The Anglish Moot

Wended from Wikipedia

Herewaldcraft is a broad word dealing with the drafting, fair, and learning of weaponbearings (known as weaponlore), as well as kindred fields such as flaglore, together with the learning of greatthew, standing, and bloodties. Weaponlore, the best known limb of herewaldcraft, is about the drafting and broadcast of the herewaldcraftish gift, more often known as the weapon, which is most often made up of a (weapon)shield, helm, and a helmtop, together with any other bits such as upholders, pins, herewaldcraftish flags, and bidwords.

Although the brookdom of sundry tokens for one another and thedes goes back to oldendays, both the shape and brookdom of such tokens were widely uneven, and the belief in steady, bloodtied drafts that is the main mark of herewaldcraft did not unfold until the High Middle Elds. Through this timespan, when big landfyrds were gathered together for lengthy whiles, the brooking of helms with leer shielders made it hard to tell apart one's headshipsmen in the field, behooving the forblowing of herewaldcraft as a tokenful tung.

The sightliness and great fair of herewaldish drafts let them to ride out even after the steady forsaking of helmcladding on the wyefield throughout the seventeenth yearhundred. Herewaldcraft has been bewritten leethily as "the handmaiden of eretide", "the shorthand of eretide", and "the blossomful hem in the greenyard of eretide". Nowadays, herewaldcraft is used by folk, open and hushed fellowships, businessbodies, boroughs, towns, and landships to betoken their birthright, fulfillments, and yearnings.



Sundry tokens have been brooked to betoken folk or bunches for thousands of years. The earliest betokenings of made out folk and landships in the Two Narrows' craft show the brooking of flags topped with the bliths or tokens of sundry gods, and the names of kings show up on tokens known as serekhs, betokening the king's thronehall, and most often topped with a falk betokening the god Horus, of whom the king was seen as the earthly infleshment. Like tokens are found in olden Bearithlandish craft of the same timespan, and the forerunners of herewaldcraftish wights such as the hookcat can also be found. In the Cristbook, the Book of Scoring ettles to the flags of the children of Hebrewland, who were behested to gather beneath these tokens and swear their bloodties. The Greek and Latinish writers often bewrite the shields and tokens of sundry whitehatters, and whits of the Romish landfyrd were sometimes atokened by made out markings on their shields.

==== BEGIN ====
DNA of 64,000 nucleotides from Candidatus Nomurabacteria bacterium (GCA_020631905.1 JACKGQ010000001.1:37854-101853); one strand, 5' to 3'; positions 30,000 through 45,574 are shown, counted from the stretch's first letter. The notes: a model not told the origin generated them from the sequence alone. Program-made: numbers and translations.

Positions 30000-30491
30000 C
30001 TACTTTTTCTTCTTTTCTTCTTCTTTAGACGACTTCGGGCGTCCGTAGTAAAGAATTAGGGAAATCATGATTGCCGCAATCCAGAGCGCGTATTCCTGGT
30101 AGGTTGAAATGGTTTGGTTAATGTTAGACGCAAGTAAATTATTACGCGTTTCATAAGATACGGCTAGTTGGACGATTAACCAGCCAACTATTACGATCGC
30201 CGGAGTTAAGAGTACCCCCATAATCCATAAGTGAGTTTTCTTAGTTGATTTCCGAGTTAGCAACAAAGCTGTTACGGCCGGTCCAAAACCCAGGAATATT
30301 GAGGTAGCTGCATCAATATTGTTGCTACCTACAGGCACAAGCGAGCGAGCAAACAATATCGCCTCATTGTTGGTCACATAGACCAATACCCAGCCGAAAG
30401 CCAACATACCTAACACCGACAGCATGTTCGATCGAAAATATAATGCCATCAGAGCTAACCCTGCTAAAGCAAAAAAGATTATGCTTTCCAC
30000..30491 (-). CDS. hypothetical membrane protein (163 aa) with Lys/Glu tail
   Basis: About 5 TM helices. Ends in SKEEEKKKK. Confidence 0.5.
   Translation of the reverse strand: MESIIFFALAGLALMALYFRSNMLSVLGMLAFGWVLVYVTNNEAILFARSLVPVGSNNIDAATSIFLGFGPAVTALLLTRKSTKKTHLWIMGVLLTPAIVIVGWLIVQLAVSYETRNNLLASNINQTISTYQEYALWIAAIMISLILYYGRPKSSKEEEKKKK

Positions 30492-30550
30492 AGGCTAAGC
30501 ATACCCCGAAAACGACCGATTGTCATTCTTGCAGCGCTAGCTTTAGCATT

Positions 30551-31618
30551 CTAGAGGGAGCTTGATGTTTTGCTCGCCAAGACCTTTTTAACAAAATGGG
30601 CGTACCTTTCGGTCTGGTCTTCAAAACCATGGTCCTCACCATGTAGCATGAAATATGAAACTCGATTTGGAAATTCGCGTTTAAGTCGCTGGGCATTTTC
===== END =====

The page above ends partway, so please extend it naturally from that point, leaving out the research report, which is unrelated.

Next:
Until the nineteenth yearhundred, it was meanly for herewaldcraftish writers to ettle byspells such as these, and kenningsome tokens such as the "Manecat of Judah" or "Eagle of the Caesars" as bewsidom of the afern of herewaldcraft itself; and to deem therefrom that the great men of afern bore weaponshields betokening their athelhood and birthright. The Book of Holy Albans, put together in 1486, swears that Christ himself was a man of weaponshielding. But these unbelievable calls have long since been sacked as the daydream of mideldish herewalds, for there is no bewisdom of a made out tokenish tung akin to that of herewaldcraft throughout this early timespan; nor do many of the shields betold in oldendays bear a close resemblance to those of medieval heraldry; nor is there any evidence that specific symbols or designs were passed down from one generation to the next, representing a particular person or line of descent.

Ors of nowalike herewaldcraft[]

The ripening of the nowalike herewaldcraftish tung cannot be hailed to a lone man, time, or lay. Although some draftings that are now thought to be herewaldcraftish were markedly brooked throughout the eleventh yearhundred, most bewritings and showings of shields up to the beginning of the twelfth yearhundred hold little or no bewise of their herewaldcraftish being. For byspell, the Bayeux Thrum, showing the Normanish raid of England in 1066, and likely alloted about 1077, when the headchurch of Bayeux was edbuilt, shows many shields of sundry shapes and drafts, many of which are onecast, while others are bedecked with drakes, roods, or other tokenly herewaldcraftish bliths. Yet no one man is shown twice bearing the same weaponshields, nor are any of the afterbearers of the sundry men shown known to have borne drafts that look like those in the thrum.